18 Sep Bankruptcy In Florida: What Is A Judgment Lien?
As a consumer bankruptcy attorney, I regularly meet with people who are being sued in foreclosure, by a credit card company, or by a debt collector, and they are contemplating filing for bankruptcy protection. Interestingly, when a creditor receives a judgment against a debtor and records same in the public records, the judgment creates a lien on the real property of the debtor. The simple procedure of filing a judgment in the public records can create major issues down the line for the debtor.
If a debtor files for bankruptcy protection, then the issues can easily be resolved in the bankruptcy court. The debt underlying the judgment may be discharged. If the debt is discharged, then you must decide what the lien attached to. If the debtor does not own any real property, then the recording of a judgment should not be a problem, Right? Wrong, twice this week I have had to explain to mortgage professionals that a judgment is only a piece of paper that says my client owes money. The lien is created when the judgment is recorded in the county records. However, a judgment lien can only be created on real property. If the debtor does not own real property, the judgment lien cannot attach to anything.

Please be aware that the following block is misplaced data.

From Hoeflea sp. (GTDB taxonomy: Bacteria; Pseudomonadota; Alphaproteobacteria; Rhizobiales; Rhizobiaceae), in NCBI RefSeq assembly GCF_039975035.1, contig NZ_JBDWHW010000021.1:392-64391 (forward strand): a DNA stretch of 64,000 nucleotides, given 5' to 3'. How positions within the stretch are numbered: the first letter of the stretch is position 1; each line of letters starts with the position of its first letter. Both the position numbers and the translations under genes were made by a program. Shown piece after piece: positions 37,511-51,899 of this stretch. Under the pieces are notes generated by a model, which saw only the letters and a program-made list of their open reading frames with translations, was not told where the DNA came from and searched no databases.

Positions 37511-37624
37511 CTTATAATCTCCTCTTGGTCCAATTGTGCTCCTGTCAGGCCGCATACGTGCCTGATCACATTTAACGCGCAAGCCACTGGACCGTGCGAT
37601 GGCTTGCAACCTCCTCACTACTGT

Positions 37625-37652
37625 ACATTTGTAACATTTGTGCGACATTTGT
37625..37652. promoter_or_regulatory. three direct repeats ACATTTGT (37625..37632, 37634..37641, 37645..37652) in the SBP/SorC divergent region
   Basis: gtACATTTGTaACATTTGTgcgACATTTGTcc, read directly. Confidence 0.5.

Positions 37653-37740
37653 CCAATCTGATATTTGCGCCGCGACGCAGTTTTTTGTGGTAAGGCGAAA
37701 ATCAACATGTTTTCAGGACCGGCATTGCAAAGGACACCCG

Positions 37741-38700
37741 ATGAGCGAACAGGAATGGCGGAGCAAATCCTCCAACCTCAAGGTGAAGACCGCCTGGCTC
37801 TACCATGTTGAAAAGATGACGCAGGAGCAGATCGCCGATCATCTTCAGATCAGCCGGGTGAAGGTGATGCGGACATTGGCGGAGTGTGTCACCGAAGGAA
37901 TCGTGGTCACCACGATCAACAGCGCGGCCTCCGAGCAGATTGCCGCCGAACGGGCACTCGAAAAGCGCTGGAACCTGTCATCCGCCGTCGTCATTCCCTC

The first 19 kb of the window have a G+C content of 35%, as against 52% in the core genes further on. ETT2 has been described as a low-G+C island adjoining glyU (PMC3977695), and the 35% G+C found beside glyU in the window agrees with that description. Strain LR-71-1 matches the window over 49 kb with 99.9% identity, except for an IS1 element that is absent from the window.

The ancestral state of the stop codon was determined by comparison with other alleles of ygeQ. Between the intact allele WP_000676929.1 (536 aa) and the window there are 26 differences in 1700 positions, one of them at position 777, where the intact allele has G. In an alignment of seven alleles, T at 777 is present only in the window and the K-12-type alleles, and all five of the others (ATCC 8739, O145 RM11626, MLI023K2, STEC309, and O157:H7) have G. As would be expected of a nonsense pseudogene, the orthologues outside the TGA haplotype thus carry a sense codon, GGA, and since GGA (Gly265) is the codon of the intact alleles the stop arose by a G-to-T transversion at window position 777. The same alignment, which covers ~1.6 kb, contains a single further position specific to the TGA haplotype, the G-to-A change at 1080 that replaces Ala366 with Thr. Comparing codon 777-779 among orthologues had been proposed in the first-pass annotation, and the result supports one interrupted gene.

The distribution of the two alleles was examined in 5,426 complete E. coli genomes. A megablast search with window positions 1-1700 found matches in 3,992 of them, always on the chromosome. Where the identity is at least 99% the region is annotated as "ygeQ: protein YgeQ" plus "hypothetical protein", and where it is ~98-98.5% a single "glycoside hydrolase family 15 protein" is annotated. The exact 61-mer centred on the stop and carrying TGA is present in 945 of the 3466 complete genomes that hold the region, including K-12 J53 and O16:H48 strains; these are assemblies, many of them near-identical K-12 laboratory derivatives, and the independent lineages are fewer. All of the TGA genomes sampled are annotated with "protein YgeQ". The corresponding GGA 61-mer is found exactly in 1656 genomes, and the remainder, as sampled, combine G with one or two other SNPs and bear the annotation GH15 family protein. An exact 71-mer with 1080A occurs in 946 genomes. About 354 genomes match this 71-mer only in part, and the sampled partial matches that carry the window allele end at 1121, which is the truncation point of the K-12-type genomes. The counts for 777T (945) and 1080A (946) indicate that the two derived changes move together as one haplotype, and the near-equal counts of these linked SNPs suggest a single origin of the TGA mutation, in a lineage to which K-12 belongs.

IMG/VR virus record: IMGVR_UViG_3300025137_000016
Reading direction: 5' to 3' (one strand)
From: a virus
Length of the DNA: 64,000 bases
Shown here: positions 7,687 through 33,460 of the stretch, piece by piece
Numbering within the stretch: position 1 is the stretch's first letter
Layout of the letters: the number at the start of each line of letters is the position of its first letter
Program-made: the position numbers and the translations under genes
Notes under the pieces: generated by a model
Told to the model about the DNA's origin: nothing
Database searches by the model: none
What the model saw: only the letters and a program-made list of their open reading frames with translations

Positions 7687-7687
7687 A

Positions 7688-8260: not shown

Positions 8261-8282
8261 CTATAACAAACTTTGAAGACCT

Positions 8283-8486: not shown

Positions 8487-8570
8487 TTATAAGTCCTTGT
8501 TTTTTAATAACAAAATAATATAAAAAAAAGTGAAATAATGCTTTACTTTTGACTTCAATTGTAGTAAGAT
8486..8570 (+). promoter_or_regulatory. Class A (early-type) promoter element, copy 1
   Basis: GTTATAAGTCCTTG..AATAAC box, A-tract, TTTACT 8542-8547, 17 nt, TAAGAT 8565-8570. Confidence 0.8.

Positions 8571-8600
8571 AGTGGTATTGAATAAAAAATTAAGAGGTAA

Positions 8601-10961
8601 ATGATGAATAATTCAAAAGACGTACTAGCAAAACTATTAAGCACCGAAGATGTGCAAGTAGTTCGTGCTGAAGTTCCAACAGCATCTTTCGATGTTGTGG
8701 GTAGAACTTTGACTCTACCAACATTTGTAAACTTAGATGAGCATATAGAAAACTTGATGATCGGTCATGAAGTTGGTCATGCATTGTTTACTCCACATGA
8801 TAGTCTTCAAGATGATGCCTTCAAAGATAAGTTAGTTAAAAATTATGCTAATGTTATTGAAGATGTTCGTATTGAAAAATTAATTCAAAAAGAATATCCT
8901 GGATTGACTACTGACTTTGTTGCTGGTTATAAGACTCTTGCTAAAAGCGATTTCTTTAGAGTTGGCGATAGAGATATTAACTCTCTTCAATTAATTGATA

If the Debtor does own real estate, then the judgment lien can attach to the homestead or other real property of the debtor. The public records where the judgment is filed do not differentiate between the homestead of the debtor or non-homestead property of the debtor.
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